Exhaustion isn’t a good feeling for anyone, but it’s all too easy to burn the candle at both ends in the always-connected world we live in. And when that energy slump hits, you need help.
But that doesn’t have to mean downing cups of coffee or reaching into the candy bowl. There are better foods that give you energy for a natural boost.
Sugar and caffeine will give you a quick rush, but that’s often followed by a crash. So if you’re searching for sustained energy, look for foods with complex carbs (which usually include fiber) and protein.
We put together this cheat sheet of things to eat and drink to beat fatigue — and a few foods that can sabotage your efforts to get pumped up.
Though your thoughts may first turn to food for energy, dehydration may actually be at the root of your fatigue.
The next time you’re feeling drained, try guzzling good old H2O. Water helps carry critical, energizing nutrients to your cells — so when you don’t get enough of it, you can end up feeling depleted.
Plus, dehydration can lead to headaches, derail your concentration, and mess with your mood — and who needs any of that?
2. Chia seeds
Talk about something small but mighty. Chia seeds help with hydration by absorbing 10 times their weight in water. (So, when soaked in liquid, they’re way more hydrating than they look.)
Meanwhile, most of their carbs come from fiber, which digests slowly, providing energy over time. And the fat they contain? It’s the brain-boosting omega-3 variety. (In fact, chia seeds are the richest plant source of omega-3 fatty acids.)
They’re also a complete protein, which means they supply all the essential amino acids your body can’t make on its own. Does it get any more satisfying and energizing than that?
Consider this the green light to go bananas when you’re running low on fuel. In a small 2012 study, researchers found that bananas worked just as well as sports drinks at keeping cyclists fueled. (They make great post-workout snacks too!)
The potassium-packed fruit also includes a bunch of good-for-you nutrients (like fiber and vitamin B6) that you won’t find in a bottle of Gatorade. And did we mention bananas’ slow-digesting complex carbs?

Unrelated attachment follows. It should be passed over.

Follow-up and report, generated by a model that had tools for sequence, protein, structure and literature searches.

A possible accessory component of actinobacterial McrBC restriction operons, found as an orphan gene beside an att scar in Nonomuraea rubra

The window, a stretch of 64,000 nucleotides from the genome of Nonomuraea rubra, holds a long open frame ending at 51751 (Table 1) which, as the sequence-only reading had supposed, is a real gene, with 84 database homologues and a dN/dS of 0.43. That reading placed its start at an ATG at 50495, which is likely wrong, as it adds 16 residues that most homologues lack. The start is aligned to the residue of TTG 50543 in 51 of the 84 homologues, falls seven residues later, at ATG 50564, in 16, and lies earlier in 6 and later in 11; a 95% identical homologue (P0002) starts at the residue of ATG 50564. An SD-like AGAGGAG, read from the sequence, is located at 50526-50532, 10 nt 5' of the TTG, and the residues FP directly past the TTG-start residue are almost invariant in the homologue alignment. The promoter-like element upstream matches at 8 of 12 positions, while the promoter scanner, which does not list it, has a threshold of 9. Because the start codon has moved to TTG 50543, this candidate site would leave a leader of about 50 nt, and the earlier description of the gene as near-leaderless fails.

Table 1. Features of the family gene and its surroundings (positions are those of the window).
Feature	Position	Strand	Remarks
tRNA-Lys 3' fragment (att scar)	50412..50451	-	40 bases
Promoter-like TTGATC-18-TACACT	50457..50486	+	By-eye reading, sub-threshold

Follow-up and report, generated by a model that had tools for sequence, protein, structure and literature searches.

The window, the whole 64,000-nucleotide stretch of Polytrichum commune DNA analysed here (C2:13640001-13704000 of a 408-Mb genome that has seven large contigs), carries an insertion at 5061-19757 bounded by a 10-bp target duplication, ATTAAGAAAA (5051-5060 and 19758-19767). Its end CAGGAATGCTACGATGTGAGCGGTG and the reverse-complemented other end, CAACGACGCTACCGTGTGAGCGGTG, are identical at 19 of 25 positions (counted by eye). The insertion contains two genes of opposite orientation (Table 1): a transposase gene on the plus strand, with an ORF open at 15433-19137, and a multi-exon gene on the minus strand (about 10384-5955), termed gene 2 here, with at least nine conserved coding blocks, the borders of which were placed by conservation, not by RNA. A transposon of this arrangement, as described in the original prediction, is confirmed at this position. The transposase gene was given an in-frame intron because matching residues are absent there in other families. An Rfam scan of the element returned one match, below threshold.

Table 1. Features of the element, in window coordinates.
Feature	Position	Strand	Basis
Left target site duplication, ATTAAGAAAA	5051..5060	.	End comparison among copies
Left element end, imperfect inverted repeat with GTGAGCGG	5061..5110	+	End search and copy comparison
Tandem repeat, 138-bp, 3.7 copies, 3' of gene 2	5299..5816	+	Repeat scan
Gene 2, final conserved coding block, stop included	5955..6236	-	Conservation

With all its protein, fiber, and iron, quinoa is a great food to reach for when you’re looking to recharge. And if you need an on-the-go refuel, whip up a quinoa breakfast bake in a muffin tin and grab one before hitting the road.
5. Green tea
By now, it’s no secret that green tea has a slew of health benefits. You can add “putting some pep back in your step” to the long list. The combination of caffeine and L-theanine gives you energy without the jitters.
Bonus: Research suggests that green tea boosts brainpower, which may come in handy when you’re down to the wire at work.
Store-bought varieties of green tea often have lots of added sugar, so take the time to brew a cup yourself if possible.
This cozy breakfast food — though, let’s be honest, you can enjoy it any time of the day — can help keep your energy levels up. That’s because it’s high in fiber (hello, 4 grams per cup!) and comes with a decent dose of protein (6 grams). It’s also the perfect canvas to dress up with energizing add-ins like fruit, nut butter, and seeds.
Plus, oatmeal has a low glycemic index, which means it won’t spike your blood sugar. (Just make sure to check the ingredients on instant oatmeal packets, which can be high in sugar and salt.)
Oatmeal is also super versatile — just take a look at these 30 delicious recipes to keep breakfast boredom at bay.
Almonds are a pretty calorie-dense food, so it doesn’t take a lot of them to ramp up your energy. (A quarter-cup of the whole nuts packs 207 calories, so a little goes a long way!)